New Brunswick

Provincial ban on flavoured tobacco begins New Year's Day

New legislation to try and discourage smoking is coming into effect on Friday. It bans sale of all flavoured tobacco, including menthol.

Ban will prohibit sales of flavoured cigars, menthol cigarettes, and flavoured cigarillos

Legislation banning products like menthol cigarettes will go into effect on Friday. (CBC News)

Customers at smoke shops are going to have less to choose from in the new year, because of a new provincial ban on flavoured tobacco.

The new legislation, aimed at discouraging smoking is coming into effect on New Year's Day.

Prohibited products will include flavoured cigars, flavoured papers, menthol cigarettes and flavoured cigarillos.

On New Year's Day the sale of cigarillos and flavoured tobacco products will be banned. (CBC News)
Angela Boudreau works at the Brilliant Smoke Shop in Fredericton. She said customers are upset about the new legislation, and think it's unfair.

"The ones that use them are very unhappy," said Boudreau.

Brilliant Smoke Shop has been getting rid of some of the products and only has a few flavoured tobacco brands left for people to buy before the ban comes into effect.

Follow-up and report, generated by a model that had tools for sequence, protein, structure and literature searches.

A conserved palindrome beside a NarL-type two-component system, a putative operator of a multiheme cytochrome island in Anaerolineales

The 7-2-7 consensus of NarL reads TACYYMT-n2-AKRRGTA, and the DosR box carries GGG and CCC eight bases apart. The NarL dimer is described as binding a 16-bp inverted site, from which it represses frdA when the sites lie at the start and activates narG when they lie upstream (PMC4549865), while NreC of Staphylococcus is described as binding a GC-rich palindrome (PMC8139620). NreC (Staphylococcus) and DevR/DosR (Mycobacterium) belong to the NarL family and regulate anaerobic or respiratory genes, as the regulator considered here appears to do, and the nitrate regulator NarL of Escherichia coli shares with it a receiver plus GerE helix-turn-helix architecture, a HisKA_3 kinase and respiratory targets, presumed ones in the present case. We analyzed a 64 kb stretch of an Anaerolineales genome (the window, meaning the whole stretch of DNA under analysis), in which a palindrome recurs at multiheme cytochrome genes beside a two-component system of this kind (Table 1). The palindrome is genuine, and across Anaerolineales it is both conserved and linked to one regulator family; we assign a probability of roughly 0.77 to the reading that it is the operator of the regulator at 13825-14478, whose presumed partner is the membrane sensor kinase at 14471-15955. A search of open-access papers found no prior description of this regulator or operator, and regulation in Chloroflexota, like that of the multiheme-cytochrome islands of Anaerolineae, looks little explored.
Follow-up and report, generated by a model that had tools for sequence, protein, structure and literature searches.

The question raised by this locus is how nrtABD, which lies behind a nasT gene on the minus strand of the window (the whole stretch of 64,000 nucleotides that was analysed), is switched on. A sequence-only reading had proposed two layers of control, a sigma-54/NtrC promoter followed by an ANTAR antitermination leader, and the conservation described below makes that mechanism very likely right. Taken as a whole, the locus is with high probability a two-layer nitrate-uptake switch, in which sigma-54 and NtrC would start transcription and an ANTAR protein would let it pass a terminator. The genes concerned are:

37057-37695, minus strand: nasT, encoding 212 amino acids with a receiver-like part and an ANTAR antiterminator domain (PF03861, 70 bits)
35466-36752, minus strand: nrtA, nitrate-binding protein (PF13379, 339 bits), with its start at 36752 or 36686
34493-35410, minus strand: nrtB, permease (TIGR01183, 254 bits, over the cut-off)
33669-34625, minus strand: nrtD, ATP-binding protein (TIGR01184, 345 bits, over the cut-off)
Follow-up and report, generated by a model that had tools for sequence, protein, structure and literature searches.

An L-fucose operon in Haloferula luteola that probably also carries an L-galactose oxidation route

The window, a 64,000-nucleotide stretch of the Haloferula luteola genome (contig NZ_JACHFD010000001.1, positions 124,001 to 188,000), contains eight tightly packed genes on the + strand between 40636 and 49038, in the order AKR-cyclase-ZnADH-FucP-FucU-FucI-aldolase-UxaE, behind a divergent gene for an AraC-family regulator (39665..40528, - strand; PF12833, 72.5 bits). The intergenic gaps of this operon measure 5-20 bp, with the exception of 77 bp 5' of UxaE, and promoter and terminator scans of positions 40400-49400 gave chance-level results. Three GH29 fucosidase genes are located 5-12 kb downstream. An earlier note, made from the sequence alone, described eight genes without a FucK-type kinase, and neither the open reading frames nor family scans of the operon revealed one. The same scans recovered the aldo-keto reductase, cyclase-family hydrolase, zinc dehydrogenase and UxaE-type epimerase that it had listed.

"A lot of them are saying they're going to quit, a lot are bulk-ordering right now, and other than that their plans are to go to P.E.I. or Quebec to get them," said Boudreau.

This change is part of the provincial government's plan to discourage smoking and promote a healthier province. In July the same legislation made electronic cigarettes equivalent to regular cigarettes in the eyes of the law.

Barbara Walls of the New Brunswick Lung Association says the province has taken a good step by banning flavoured tobacco. (CBC)
Barbara Walls from the New Brunswick Lung Association is pleased with the steps the government has taken. She said that of the high school students who use tobacco in New Brunswick, over 50 per cent are using flavoured tobacco.

"It's important to not have a product that's so enticing available so readily. Youth are turning to it. People also think it's a tool to help them quit smoking," said Walls.

Walls said what needs to be looked at now, is the people who are currently struggling with addiction.

"I think we need to balance not only banning and restricting the accessibility to tobacco products and flavoured tobacco and e-cigarettes, but we also need to come up with a very concise and consistent support program."


Philip Drost is a journalist with the CBC. You can reach him by email at